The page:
What about the possibility of animals like dogs or elephants or cetaceans having souls? are there Catholic theologians discussing that?144.35.45.79 (talk) 16:56, 22 February 2017 (UTC)
Here is a different source from the same website I used above. That website is pretty good, I would use it to search the answers for further questions on Catholic doctrine. --Jayron32 17:08, 22 February 2017 (UTC)
It is so, so, so unfortunate for your question that this turned out not to be real. Matt Deres (talk) 01:33, 23 February 2017 (UTC)
Monkeys younger than humans, NO evolution: http://beholy.be/bible1-4.htm "I saw the mother of Semiramis hunting the animal described by Job under the name of behemoth (Job 41 & 42 crocodile?), also tigers, lions, etc. I saw no monkeys in those early times. I saw similar hunts upon the water, upon which idolatry and numerous abominations were generally practiced. The mother was outwardly not so dissolute as Semiramis, but she possessed a diabolical nature with amazing strength and temerity." -- 109.237.140.12 (talk · contribs) (now blocked)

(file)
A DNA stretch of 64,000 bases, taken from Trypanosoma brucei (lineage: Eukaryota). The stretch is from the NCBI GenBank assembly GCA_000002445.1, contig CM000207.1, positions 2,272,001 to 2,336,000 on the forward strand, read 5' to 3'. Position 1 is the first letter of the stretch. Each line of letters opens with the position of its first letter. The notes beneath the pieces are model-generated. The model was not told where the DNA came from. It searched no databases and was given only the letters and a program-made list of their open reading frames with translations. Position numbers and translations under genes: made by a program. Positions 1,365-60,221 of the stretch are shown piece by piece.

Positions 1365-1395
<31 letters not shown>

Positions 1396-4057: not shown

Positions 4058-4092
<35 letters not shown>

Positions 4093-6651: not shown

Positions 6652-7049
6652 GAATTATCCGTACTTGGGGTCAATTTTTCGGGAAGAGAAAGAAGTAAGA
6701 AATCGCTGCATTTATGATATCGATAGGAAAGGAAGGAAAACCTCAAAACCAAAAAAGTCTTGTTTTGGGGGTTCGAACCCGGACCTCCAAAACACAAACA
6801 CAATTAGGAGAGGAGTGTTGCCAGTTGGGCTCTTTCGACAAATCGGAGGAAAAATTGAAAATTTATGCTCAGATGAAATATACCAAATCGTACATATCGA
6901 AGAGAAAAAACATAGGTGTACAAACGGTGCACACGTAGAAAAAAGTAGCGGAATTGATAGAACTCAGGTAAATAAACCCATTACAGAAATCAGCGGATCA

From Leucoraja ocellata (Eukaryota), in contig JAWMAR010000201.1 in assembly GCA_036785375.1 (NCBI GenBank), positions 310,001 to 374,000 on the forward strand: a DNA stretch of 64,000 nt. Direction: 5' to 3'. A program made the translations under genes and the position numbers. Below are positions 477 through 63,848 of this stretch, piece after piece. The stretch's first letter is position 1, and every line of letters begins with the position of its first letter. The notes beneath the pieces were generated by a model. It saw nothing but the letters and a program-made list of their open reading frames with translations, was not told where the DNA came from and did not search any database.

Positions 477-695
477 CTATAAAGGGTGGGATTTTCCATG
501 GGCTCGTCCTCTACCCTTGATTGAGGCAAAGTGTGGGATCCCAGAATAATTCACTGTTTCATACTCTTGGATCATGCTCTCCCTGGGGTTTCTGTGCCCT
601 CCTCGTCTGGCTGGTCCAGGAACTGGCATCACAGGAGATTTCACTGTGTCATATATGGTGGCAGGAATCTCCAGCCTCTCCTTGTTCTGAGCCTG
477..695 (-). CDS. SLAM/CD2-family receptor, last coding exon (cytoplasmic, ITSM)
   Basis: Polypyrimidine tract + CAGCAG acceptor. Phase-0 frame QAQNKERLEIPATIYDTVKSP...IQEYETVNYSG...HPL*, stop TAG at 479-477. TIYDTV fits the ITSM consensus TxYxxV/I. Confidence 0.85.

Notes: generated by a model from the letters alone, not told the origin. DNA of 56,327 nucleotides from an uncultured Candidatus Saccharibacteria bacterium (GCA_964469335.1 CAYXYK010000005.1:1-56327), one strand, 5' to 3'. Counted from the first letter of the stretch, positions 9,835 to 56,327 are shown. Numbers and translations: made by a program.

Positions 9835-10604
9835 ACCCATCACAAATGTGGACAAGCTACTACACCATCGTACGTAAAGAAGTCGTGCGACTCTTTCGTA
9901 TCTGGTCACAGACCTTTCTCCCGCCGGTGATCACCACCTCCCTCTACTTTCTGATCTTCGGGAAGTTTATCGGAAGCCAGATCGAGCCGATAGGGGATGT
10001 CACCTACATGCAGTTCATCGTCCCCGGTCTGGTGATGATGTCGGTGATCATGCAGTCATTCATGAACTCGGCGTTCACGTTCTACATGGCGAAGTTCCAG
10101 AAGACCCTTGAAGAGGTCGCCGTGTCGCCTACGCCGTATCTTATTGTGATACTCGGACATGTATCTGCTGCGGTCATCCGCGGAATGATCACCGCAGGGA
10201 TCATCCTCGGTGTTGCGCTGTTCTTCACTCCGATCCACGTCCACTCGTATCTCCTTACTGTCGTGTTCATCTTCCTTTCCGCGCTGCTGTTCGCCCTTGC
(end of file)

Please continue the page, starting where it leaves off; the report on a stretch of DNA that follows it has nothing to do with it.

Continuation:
I'm afraid I don't see any link to the doctrine of the Catholic Church in your response. It doesn't meaningfully help the OP to merely link to a Bible verse and then give your own personal interpretation of said verse. --Jayron32 17:54, 22 February 2017 (UTC)
Plain as table. Earlier human cannot descent from later animal. -- 109.237.140.12 (talk · contribs) (now blocked)
Whatever that quote is, it certainly isn't from the Bible. It seems to be the mystical visions of a nun Anne Catherine Emmerich though their authenticity is doubtful and they certainly are not to be taken as a statement of catholic doctrine. Wymspen (talk) 18:57, 22 February 2017 (UTC)
It's from the King Gibberish version. ←Baseball Bugs What's up, Doc? carrots→ 19:51, 22 February 2017 (UTC)
Does the Catholic Church even believe there were such creatures as Neanderthals? ←Baseball Bugs What's up, Doc? carrots→ 17:33, 22 February 2017 (UTC)
Of course they do. Why would you think they wouldn't? --Jayron32 01:32, 23 February 2017 (UTC)
When confronted with skulls obviously different from modern humans, some explanation is needed. If it's just one of two you can claim they were deformed humans, but as the numbers pile up, some other explanation is needed. StuRat (talk) 17:36, 22 February 2017 (UTC)
See Catholic Church and evolution and Pope Francis on evolution. Most mainstream non-American Christian denominations seem to have no problem with evolution. DuncanHill (talk) 17:39, 22 February 2017 (UTC)
Most American ones don't either. Remember that loudness =/= most. --Jayron32 18:07, 22 February 2017 (UTC)